The law protects tenants and it is vital that landlords are aware of their legal obligations to tenants. In particular, there are special laws and procedures that govern health and safety and, in England, Wales and Scotland, that protect rental deposits.
In addition, when a tenant fails to pay rent on time or at all, certain steps and procedures should be followed. Landlords should not take the law into their own hands, irrespective of the circumstances; otherwise they may risk a fine or criminal conviction.
In England and Wales, for assured shorthold tenancies valued up to £100,000 per year, you must register any deposit you receive with a government-authorised tenancy deposit scheme. You must keep the deposit protected in the scheme for as long as you keep it. You must also give the tenant certain information including details of the scheme.
In Northern Ireland, you must do the same for all residential property tenancies.
For more information on a landlord's obligation in relation to deposits see:
In certain areas in England, landlords must register under a selective licensing scheme. For example, in the London Boroughs of Newham, certain areas of Brent, and Waltham Forest after April 2015, all private landlords must register and pay a fee to the local authority. Landlords who don't register will be fined and ordered to repay to the tenant up to 12 months' rent.
All landlords of a private rented property must be registered. It is a criminal offence if you do not do this.
You can register on. You will have to pay a fee for the local authority area in which you own the property, as well as another fee for each property. Charities will not need to pay these fees.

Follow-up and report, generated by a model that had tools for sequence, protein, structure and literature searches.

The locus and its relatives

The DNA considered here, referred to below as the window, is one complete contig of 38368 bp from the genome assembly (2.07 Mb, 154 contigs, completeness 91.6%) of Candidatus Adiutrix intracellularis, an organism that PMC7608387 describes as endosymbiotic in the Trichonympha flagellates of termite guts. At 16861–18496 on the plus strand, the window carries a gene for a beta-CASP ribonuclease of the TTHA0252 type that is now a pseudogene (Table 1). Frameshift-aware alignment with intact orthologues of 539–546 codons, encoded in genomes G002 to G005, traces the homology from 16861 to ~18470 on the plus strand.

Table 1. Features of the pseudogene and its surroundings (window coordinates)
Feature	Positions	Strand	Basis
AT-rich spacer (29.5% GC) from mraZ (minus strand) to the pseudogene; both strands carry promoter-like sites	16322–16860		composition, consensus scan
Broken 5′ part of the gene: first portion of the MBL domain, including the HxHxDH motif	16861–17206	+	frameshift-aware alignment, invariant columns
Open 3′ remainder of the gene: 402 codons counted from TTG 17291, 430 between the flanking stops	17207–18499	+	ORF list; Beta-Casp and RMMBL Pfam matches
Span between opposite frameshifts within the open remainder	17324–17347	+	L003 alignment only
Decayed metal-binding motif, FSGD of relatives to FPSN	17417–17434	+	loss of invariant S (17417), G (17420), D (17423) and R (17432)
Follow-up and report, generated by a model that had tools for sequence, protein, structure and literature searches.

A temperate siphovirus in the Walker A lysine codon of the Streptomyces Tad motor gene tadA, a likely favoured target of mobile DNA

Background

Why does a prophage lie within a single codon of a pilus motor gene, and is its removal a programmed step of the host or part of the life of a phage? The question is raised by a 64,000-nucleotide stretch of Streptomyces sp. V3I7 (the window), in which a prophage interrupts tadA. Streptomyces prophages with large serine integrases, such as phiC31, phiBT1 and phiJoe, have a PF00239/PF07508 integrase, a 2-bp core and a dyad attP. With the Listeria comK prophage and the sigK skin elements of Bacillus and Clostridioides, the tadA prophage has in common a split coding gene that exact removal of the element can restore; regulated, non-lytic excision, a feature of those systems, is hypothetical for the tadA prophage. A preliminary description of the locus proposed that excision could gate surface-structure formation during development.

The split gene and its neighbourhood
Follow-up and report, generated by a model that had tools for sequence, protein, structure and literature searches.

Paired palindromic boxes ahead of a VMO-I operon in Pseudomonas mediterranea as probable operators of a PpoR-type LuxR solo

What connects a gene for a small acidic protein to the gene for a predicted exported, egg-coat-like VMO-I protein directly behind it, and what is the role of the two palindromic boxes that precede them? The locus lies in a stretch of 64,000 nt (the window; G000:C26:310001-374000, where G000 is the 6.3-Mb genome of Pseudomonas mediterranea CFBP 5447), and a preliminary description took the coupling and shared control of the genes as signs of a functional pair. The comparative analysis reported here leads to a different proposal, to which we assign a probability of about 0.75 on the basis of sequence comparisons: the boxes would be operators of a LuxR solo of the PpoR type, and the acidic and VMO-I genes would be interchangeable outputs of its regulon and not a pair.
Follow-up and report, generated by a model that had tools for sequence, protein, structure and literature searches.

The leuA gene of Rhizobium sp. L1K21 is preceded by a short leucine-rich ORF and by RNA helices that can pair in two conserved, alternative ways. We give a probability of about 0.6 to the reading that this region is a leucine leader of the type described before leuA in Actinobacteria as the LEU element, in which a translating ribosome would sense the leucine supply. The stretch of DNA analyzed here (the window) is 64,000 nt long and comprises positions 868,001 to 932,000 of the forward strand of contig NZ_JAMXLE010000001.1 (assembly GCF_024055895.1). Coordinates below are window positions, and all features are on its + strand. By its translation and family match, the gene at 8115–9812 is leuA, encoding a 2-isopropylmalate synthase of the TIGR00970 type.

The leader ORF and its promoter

You will need to renew registration every 3 years.
Registration is not automatic and only those considered to be 'fit and proper' can hold a registration. If you have any convictions for violence, dishonesty, drugs or breaches of housing legislation, this will all be taken into account. If you are not considered to be fit and proper, you cannot hold a registration and rent private property.
All landlords of a private rented property must be registered with the Landlord Registration Scheme, which was introduced on 25 February 2014. However, you will not need to do this if you have already paid to register a house in multiple occupation.
You must register before you let the property.
If you do not register, or if you give false information, you will be committing a criminal offence. As a result, you can be issued with a penalty of between £500 and £2,500.
You can register online on. You will have to pay a fee if you register online. When you register, you will receive a unique registration number. You must include this number in any correspondence you have about your position as landlord. You will need to renew registration every 3 years.
Before the start of any new assured or short assured tenancy, landlords must give tenants a Tenant Information Pack, which is a standard document that has been prepared by the Scottish Government. The pack informs tenants about the Tenancy Deposit Scheme and the obligations on both sides during the tenancy. It confirms how a tenancy can be brought to an end and in what circumstances the tenant may be evicted. The wording of the pack cannot be amended but the landlord may provide other relevant information to a tenant if they wish. The pack is to be provided to the tenant free of charge and does not form part of the tenancy agreement.
The landlord should complete the Acknowledgement Form on the first page of the pack, which confirms the landlord's details, the property address and the type of tenancy being created. The form should also be signed by the tenant, unless the pack is sent or acknowledged by email. If there are multiple tenants, then the landlord need only provide them with one pack.
It's the landlord's responsibility to ensure the tenant receives a pack even if the landlord has instructed a letting agent. Failure to provide a pack is a criminal offence and a landlord can be fined up to £500.